Friday, July 9, 2010

Look Around and Smell Those Daisies! Writing Using the Senses

Oh, hai. I know it seems like I've forgotten you. But I haven't. I've just been super busy getting ready for SCBWI (!!!) in a few weeks (!!!!!) that I haven't had quite the usual amount of time to dedicate to blogging. But I really heart you guys, so I'm resolving to change that.

In between frantic rewrites, Zumba and spinning classes to sharpen my mind (the jury is still out on the "Does exercising more help Heather concentrate?" experiment. I think I might prefer a nap but I lost 2 lbs so...yay.), and wondering what I'm going to wear every day of the conference, I've been reading Connie Epstein's The Art of Writing for Children. This was on my list of recommended reading from the VCFA faculty, so naturally I wanted to read it before January (I am clearly an overachiever.) So far, the book seems to provide a nice overview of writing for children (picture books to YA), and gives good examples when pointing out how to look at things from a child's point of view. (The example so far are mostly from MG or chapter books, so if you're considering this read but you want something geared more toward YA, this might not be the book for you.)

The second chapter, which has so far been my favorite, was about using the five senses in writing. Epstein stresses the importance of childhood as a time of discovery, when everything seems a bit larger-than-life. So while the adult author might not notice certain details about an experience, the child/teen protagonist definitely will. In order to make your prose stronger, the best thing you can do is use as many senses as possible to describe the experience - particularly if it's something the character is dealing with for the first time, or has a strong emotional reaction to. She pointed out that one strong, well-chosen word or phrase can do a lot more than a long paragraph of specific details. She also notes that it's important to do all of these things to set a certain mood, and not fill your book up with details just for the fun of it.

This chapter really got me thinking about how I use senses in my writing. I think I use them pretty well. For example, there is one scene in my WIP where my MC is tasting fruit, and that was one of my favorite scenes to write - I remember closing my eyes and imagining every detail of the experience of eating fruit, then trying to find just the right words to describe it without going overboard. It took a few revisions, but in the end I think it came out great. Thinking about my own experience of something helped me describe how my character would react.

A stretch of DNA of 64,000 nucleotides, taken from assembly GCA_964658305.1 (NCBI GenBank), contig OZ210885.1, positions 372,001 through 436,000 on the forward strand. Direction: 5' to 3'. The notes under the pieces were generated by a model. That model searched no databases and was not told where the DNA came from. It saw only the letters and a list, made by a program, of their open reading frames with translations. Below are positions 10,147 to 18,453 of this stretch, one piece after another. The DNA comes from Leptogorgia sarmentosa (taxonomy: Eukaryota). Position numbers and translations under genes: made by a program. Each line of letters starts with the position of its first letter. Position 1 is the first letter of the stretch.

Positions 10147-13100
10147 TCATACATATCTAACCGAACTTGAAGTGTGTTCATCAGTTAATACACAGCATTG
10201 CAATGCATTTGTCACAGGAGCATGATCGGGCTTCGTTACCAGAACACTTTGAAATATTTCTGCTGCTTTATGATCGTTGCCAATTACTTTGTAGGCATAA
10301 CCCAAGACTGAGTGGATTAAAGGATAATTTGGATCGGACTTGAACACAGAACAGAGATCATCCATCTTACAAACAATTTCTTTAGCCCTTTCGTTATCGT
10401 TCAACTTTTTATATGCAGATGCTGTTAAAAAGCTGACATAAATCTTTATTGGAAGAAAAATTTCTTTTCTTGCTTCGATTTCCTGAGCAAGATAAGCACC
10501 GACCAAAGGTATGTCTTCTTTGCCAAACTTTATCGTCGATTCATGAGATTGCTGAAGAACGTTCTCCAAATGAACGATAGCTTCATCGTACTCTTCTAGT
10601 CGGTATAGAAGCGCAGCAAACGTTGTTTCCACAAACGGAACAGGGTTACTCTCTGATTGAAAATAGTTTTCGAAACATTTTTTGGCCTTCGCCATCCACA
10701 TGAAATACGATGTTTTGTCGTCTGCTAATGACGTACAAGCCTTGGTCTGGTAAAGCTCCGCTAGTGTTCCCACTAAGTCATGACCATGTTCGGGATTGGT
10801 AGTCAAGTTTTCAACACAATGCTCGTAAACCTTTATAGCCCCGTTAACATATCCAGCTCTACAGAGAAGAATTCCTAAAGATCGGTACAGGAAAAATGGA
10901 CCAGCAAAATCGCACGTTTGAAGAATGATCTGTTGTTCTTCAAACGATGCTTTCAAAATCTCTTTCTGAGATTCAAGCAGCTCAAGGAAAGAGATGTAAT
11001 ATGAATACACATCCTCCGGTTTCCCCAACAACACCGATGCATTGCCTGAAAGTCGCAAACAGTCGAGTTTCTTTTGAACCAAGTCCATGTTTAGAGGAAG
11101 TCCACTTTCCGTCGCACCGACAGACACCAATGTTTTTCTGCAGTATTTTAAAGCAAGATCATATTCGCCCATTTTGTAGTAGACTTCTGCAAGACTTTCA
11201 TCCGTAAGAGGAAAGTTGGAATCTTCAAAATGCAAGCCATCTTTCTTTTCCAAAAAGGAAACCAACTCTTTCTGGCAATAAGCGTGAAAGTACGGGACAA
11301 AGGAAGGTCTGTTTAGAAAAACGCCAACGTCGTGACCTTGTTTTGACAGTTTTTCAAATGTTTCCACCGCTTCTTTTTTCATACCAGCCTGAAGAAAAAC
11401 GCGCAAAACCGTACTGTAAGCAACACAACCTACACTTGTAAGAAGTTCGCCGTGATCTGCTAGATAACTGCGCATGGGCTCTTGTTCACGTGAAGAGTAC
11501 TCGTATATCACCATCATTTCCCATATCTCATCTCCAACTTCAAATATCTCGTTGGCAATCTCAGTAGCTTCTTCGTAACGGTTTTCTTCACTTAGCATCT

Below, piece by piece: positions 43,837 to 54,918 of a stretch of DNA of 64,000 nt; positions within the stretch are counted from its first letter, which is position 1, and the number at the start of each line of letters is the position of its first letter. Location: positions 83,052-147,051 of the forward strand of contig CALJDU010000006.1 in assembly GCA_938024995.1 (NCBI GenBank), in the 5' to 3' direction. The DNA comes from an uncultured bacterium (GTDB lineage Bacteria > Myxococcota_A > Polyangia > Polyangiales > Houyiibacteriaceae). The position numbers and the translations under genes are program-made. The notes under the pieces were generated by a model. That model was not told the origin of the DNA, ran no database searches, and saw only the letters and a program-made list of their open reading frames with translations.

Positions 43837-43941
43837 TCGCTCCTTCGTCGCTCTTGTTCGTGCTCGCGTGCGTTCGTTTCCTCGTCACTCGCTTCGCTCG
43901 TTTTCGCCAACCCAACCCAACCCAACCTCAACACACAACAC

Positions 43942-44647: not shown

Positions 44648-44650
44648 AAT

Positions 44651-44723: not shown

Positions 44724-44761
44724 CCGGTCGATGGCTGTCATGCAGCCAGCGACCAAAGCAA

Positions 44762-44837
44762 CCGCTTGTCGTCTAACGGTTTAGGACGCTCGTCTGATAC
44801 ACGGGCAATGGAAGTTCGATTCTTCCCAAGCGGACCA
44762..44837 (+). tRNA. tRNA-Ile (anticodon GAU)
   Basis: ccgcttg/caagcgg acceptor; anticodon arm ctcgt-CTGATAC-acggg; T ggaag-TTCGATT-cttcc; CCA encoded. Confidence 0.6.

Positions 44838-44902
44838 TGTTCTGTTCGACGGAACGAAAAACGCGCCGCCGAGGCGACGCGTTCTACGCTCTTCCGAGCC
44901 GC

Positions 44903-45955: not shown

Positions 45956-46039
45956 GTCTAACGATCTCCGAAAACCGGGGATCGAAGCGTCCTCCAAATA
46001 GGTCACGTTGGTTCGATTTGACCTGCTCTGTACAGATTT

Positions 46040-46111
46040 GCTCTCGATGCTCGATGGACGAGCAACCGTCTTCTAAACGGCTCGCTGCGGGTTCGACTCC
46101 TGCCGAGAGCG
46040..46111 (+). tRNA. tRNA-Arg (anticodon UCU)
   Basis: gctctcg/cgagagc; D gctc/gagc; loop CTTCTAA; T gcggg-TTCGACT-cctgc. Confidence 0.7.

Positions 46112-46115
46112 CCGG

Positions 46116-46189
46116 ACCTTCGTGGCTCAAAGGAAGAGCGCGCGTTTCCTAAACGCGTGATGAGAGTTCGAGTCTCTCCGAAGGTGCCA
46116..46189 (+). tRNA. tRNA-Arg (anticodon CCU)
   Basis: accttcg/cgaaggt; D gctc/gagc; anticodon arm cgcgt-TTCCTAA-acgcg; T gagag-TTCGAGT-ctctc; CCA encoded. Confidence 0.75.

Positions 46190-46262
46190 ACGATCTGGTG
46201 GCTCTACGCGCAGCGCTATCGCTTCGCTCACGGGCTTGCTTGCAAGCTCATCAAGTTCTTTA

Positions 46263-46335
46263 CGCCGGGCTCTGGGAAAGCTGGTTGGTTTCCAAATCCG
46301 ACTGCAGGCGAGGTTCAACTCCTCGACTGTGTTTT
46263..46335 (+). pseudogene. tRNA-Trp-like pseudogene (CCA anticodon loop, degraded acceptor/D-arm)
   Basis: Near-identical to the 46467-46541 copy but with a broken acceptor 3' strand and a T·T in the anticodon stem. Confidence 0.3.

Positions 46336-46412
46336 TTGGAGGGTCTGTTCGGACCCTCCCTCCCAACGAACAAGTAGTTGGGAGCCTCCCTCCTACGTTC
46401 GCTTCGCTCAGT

But I also tried to think of some of the weaknesses in my sensory descriptions. I think perhaps sometimes I go for the easy/obvious description, and don't read out and try to think of the not-so-obvious way to describe something. I want to start incorporating that more, and I think it will bring some unique perspective to my writing.

And now, a writing exercise! (I know, I'm like Shannon Messenger over here, giving you assignments.) Write a scene where you have to describe something, but don't use the obvious choice in sensory detail to describe it. For example, your character gets caught in a rainstorm, and instead of describing the way the rain smells or sounds or feels, maybe she opens her mouth and tastes it. Make sure the descriptions serve a purpose in the scene, and try to draw on your own experience, when possible.


  1. Great topic. I also struggle with adding more senses. I use touch the most and I think scent comes in every now and then with taste after that. Will use one or two, but rarely get higher than that and it's something I should work on really.

    I do zumba too! No spinning, don't like it, but I enjoy zumba. Didn't get to go this week though. :-(

  2. Great post Heather! And I need to check out a zumba class. Also I am sooooooo jealous you're going to SCBWI LA....can I hide in your suitcase?



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